About the Green Man
Carvings of the Green Man can be seen in many of the country’s oldest churches. He can often be found looking down from high in the masonry onto the congregation below.
They were common throughout the Medieval period and in some ecclesiastical buildings- Canterbury Cathedral for example, they may be counted in the dozens.
This popularity came to an abrupt end, in Britain at least, with the Reformation. The new simplified approach to Christianity brought about a backlash against the colourful and symbolic imagery of the Roman Church.
Sculptures, paintings, windows and decorations of all kinds, not only Green Men, were destroyed, white washed over or simply forgotten.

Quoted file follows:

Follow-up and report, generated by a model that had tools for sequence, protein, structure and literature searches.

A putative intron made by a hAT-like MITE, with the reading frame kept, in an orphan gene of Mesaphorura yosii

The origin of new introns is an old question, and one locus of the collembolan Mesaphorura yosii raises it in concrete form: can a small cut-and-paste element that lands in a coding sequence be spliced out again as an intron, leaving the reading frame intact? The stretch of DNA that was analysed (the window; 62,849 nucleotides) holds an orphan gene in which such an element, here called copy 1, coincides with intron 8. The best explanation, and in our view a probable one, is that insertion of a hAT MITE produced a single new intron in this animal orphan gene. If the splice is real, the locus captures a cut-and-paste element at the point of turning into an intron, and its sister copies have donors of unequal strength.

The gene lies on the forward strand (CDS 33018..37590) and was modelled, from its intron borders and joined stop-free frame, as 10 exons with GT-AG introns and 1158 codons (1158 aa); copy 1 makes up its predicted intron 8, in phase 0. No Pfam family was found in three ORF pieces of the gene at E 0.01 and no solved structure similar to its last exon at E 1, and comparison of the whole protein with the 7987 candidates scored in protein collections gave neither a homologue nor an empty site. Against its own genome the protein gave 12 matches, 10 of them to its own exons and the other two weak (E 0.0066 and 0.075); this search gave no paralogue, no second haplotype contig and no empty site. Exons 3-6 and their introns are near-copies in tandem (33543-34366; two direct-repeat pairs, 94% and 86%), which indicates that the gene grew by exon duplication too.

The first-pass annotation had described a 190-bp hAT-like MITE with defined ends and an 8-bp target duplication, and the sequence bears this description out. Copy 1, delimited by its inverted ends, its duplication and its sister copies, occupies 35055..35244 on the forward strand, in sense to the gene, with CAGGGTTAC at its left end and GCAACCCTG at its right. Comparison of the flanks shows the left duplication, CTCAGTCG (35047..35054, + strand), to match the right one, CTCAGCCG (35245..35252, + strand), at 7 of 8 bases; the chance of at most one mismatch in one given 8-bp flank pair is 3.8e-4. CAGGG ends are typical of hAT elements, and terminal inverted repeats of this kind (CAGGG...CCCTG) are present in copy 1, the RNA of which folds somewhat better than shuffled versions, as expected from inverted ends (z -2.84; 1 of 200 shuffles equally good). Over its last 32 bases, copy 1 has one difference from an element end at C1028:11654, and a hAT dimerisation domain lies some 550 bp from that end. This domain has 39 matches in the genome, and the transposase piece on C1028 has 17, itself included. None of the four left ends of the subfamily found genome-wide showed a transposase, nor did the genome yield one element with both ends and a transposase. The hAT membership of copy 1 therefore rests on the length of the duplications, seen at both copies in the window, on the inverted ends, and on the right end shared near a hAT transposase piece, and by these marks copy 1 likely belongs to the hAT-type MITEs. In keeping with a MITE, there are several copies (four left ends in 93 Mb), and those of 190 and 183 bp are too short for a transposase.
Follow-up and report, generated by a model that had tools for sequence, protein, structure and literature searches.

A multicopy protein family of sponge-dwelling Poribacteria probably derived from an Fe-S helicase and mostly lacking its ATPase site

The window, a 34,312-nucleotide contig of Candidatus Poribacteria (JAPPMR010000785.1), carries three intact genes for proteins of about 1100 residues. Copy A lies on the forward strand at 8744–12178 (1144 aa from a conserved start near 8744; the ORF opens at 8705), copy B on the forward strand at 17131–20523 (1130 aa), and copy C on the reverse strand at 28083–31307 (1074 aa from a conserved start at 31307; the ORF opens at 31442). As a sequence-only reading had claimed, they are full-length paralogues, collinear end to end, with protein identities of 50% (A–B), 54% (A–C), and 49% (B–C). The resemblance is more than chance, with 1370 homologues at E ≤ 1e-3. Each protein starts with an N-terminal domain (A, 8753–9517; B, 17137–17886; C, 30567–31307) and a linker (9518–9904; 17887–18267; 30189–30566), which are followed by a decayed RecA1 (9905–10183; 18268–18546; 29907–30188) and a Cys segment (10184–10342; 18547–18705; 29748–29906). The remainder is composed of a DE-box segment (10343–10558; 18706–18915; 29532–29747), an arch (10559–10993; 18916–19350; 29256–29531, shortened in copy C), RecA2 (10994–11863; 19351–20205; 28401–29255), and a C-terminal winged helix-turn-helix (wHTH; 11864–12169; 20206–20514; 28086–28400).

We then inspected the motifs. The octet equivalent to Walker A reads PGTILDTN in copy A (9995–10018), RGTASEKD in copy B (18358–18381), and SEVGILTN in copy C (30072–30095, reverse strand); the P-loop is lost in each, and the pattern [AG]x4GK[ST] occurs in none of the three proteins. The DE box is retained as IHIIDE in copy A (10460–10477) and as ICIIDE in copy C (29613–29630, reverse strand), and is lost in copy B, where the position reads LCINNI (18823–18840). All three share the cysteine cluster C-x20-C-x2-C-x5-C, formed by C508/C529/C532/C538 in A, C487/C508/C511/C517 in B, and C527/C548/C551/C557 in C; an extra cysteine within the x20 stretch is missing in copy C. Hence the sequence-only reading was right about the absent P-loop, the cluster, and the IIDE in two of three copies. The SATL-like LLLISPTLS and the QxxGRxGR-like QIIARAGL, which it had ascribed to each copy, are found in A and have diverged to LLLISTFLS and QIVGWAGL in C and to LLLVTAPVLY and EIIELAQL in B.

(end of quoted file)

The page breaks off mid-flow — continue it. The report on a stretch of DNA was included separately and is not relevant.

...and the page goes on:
Much later, with the Victorian Gothic Revival, the Green Man became popular once again. It was an accepted design element in the sculptors repertoire and from this time onwards may be seen in both religious and secular buildings including churches, civic buildings and private houses.
While the carvings date back to the middle ages, the application of the name “Green Man” to them is of more recent origin. In the 1930s, Lady Raglan visited the church of St. Jerome, Monmouthshire, where the Reverend J. Griffith drew her attention to the carved foliate heads in his church.
Lady Raglan wrote about these heads in an article for the Folklore Society. She titled her piece “The Green Man”.